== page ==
Short Look at the Volatility Index
The $VIX volatility index is defined as a weighted measure of the implied volatility of the S&P 500, which provides a view of investors' expectations on future market volatility. VIX values greater than 30 are generally associated with a large amount of volatility as a result of investor fear or uncertainty, while values below 20 generally correspond to less stressful, even complacent times in the markets. Based on yesterday’s close when the VIX approached 10, the times, they are complacent! But will the times begin changing soon? There are some characteristics of the technical chart of the VIX that suggests volatility may be jumping soon. To me, it looks spring loaded to jump. But, are there bullish or bearish implications for the stock market? This article presents a concise look at the technical chart of the $VIX volatility index.
Below is a long term weekly chart of the $VIX from 1997 to the present, showing the S&P price action in the bottom pane. From this one can see that peaks in the VIX corresponded directly with intermediate term bottoms in the S&P 500. While peaks in the VIX corresponded with market bottoms the opposite cannot be said for bottoms in the VIX. By and large, bottoms in the VIX do not correspond to intermediate term tops in the S&P 500. However, the major top in the S&P 500 which occurred in 2000 corresponded with an intermediate term bottom in the VIX.
The next chart depicts the long term smoothed trends between the VIX and the S&P 500 (26-week moving averages are used). From the major bottom in the S&P 500 in early 2003, there is a clear correspondence between falling volatility and a rising stock market. The bull market was fueled by falling volatility. With the VIX approaching a likely minimum of 10, an important question is whether the stock market can push ahead without continued falling volatility.
The next chart presents a shorter term (3-year) look at the “price” action of the VIX. Key intermediate term bottoms are shown with the blue vertical lines. Since the late fall the intermediate term bottoms which are at about 10 now, occur every couple of months whereas in recent years these bottoms occurred at least 9 months apart. It looks as if the VIX may be spring loaded to rise. The 14 week RSI index sends the same message in a different manner where recent action is a series of higher lows.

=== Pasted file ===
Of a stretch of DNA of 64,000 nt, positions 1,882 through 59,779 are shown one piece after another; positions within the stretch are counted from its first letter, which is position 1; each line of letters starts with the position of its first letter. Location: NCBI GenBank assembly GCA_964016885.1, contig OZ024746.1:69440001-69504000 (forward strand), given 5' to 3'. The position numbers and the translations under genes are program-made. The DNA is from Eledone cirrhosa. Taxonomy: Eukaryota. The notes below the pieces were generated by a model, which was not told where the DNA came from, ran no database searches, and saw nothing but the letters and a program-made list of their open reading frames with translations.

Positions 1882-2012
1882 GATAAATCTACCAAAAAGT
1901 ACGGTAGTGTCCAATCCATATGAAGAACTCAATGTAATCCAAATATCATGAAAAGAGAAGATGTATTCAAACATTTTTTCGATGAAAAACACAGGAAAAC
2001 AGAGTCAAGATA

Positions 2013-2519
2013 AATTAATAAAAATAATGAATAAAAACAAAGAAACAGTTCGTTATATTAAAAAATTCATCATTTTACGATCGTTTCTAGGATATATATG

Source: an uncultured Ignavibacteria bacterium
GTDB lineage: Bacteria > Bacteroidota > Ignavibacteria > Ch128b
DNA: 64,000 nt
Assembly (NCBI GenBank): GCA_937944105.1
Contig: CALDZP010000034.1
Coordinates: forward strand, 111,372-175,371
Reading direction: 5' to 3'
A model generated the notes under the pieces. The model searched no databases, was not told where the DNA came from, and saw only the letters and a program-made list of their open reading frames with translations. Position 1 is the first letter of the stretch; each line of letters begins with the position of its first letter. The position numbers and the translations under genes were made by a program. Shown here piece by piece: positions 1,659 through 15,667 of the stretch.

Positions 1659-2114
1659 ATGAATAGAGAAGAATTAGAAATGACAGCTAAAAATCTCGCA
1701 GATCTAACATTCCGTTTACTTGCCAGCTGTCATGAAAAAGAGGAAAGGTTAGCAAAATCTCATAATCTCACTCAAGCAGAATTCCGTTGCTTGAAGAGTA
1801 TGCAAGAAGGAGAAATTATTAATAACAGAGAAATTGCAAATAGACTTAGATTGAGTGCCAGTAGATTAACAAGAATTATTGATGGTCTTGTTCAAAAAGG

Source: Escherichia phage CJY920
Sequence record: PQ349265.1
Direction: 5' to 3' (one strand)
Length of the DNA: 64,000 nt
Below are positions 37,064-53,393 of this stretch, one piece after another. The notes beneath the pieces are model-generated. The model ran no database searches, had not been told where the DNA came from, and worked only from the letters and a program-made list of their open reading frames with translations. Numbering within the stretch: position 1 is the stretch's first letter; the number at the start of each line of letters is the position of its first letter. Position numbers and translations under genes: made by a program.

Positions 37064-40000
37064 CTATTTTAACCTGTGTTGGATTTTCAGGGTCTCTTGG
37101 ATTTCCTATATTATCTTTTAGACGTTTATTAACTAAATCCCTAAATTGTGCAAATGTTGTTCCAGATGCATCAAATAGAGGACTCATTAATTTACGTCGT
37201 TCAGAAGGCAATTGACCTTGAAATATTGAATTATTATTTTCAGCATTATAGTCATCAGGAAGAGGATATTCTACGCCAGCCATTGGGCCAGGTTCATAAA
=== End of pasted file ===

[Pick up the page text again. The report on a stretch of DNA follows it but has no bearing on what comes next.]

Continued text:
For a number of reasons outside the scope of this article, volatility cannot go to zero – it must stay above a level which allows the exchanges to make money through spreads. Additionally, the fact that the “fear” component of volatility cannot go to zero results in the existence of a minimum non-zero level that the VIX can never move below. In short, spreads must always exist and fear cannot go bankrupt.
So what is the minimum level that the VIX can reach? The persistent support at near 10 suggests that this may be the minimum. This is also illustrated with the point-and-figure chart of the VIX which suggests that 9.5 is the minimum.
The corresponding index for Nasdaq 100 stocks is the VXN, which appears to have made a bottom in mid-2005. In spite of the fact that the VXN has been rising since that time (higher lows, higher highs), the Nasdaq 100 has been rising. For reasons such as this, it is probably too early to get excited about any bearish stock market implications associated with the potential for a rising VIX.
The indices were fairly neutral today, as the emerging markets ETF touched its all time high. The $HUI gold bugs index is at a level which is not a safe entry point for buyers. Since May of ’06 the best strategy was to buy weakness and sell strength. This “trend” such as it is will not last forever, though. There will come a day where it makes sense to buy strength – but this day has yet to come. Buying strength now is the stuff of the fundamentalists and guessers in my view. A decisive break of the trendline changes the big picture, I believe, as it would signal a move into the much-referenced Wave 3 of Wave III.
A closer look illustrates that the HUI is right on the threshold of the beginning of a confirmed uptrend. Again, it is at the moment of truth for gold stocks.
The S&P 500 is up trending on diminishing volume. While a correction has been due for quite awhile, the still-alive trend has been for corrections to be of minor duration and magnitude. Each and every correction since the summer rally began has been stopped quickly above the lower Bollinger band with most stopped at the 20 day moving average (shown).
Today’s VIX action shows just how strong the resistance at about 10 actually is.
Finally, a trend that is alive and well and perhaps profitable to trade upon is the trend of the price of oil divided to the 30-year bond price.
Have a great evening.
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